- Be free from chemical, physical restraints and/or seclusion of any form used as a means of coercion, discipline, convenience or retaliation by staff.
- Reasonable continuity of care and to know in advance the time and location of appointments as well as the identity of the persons providing the care.
- Be informed by the physician or a delegate of continuing healthcare requirements and options following discharge from the hospital. You have the right to be involved in the development and implementation of your discharge plan. Upon your request, a friend or family member may be provided with this information.
- Know which hospital rules and policies apply to your conduct while a patient.
- Designate and exclude visitors of your choosing, if you have decision-making capacity. However, Southern California Hospital at Culver City has the right to establish reasonable restrictions upon visitation, including restrictions upon the hours of visitation and the number of visitors.
- Have your wishes considered, if you lack decision-making capacity, for the purposes of determining who may visit. At a minimum, the hospital shall include any persons living in your household.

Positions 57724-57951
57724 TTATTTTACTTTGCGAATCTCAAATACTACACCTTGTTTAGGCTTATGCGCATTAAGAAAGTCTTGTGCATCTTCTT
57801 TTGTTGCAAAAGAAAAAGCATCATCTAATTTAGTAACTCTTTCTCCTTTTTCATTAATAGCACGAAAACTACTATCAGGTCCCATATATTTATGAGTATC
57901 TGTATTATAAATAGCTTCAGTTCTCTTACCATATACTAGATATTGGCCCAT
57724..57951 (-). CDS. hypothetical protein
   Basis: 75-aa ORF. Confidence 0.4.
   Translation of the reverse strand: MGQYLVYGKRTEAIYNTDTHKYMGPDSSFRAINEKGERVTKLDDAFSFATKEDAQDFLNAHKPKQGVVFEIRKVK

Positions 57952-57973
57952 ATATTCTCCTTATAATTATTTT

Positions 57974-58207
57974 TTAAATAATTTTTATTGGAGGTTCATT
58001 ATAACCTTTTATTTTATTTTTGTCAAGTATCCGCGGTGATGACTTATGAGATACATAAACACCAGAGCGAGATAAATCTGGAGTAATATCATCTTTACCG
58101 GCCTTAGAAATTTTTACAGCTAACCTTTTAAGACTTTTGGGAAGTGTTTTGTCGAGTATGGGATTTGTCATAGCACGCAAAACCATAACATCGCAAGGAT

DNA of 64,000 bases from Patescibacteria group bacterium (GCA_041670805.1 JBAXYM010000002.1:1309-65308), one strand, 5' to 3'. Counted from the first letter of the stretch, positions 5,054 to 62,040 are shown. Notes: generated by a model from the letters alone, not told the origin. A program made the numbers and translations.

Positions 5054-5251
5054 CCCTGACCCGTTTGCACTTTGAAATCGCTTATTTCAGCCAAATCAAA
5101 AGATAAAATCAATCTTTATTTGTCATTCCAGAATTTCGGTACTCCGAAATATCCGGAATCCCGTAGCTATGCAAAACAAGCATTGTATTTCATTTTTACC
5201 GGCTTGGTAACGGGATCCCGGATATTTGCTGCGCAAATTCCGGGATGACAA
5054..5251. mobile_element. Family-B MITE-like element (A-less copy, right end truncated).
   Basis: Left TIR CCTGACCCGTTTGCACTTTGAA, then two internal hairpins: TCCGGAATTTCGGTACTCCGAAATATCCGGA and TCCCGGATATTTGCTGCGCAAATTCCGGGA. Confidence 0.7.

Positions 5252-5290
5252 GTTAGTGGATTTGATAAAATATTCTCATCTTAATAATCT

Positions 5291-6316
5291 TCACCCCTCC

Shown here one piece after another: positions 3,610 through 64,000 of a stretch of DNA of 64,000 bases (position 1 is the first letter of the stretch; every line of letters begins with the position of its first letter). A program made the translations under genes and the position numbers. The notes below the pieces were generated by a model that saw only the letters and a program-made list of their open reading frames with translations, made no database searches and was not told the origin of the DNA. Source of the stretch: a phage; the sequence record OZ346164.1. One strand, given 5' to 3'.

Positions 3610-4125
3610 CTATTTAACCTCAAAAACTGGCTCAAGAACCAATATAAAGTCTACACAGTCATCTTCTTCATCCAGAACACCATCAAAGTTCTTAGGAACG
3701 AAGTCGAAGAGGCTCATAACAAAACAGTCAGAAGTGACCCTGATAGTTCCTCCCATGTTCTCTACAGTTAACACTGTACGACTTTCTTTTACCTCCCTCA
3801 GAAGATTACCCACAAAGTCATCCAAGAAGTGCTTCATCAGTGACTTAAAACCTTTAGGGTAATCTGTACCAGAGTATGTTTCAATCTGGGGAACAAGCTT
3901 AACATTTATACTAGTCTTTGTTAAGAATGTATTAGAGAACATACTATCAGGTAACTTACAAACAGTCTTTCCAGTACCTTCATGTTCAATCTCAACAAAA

- Examine and receive an explanation of the hospital’s bill regardless of the source of payment within a reasonable period of time.
- Exercise these rights without regard to sex, economic status, educational background, race, color, religion, ancestry, national origin, disability, handicap, sexual orientation, ethnicity, age, marital status, or payment source.
- Know the reasons for your transfer either within or outside the facility.
- Be informed of the source of facility reimbursement of your services, and of any limitations that may be placed on your care.
- File a grievance or complaint. You may do so by writing or calling hospital administration.
- File a complaint with the State Department of Health Services, regardless of whether you use Southern California Hospital at Culver City’s grievance process.
- Report concerns regarding quality of care or premature discharge to the appropriate Utilization and Quality Control Peer Review Organization.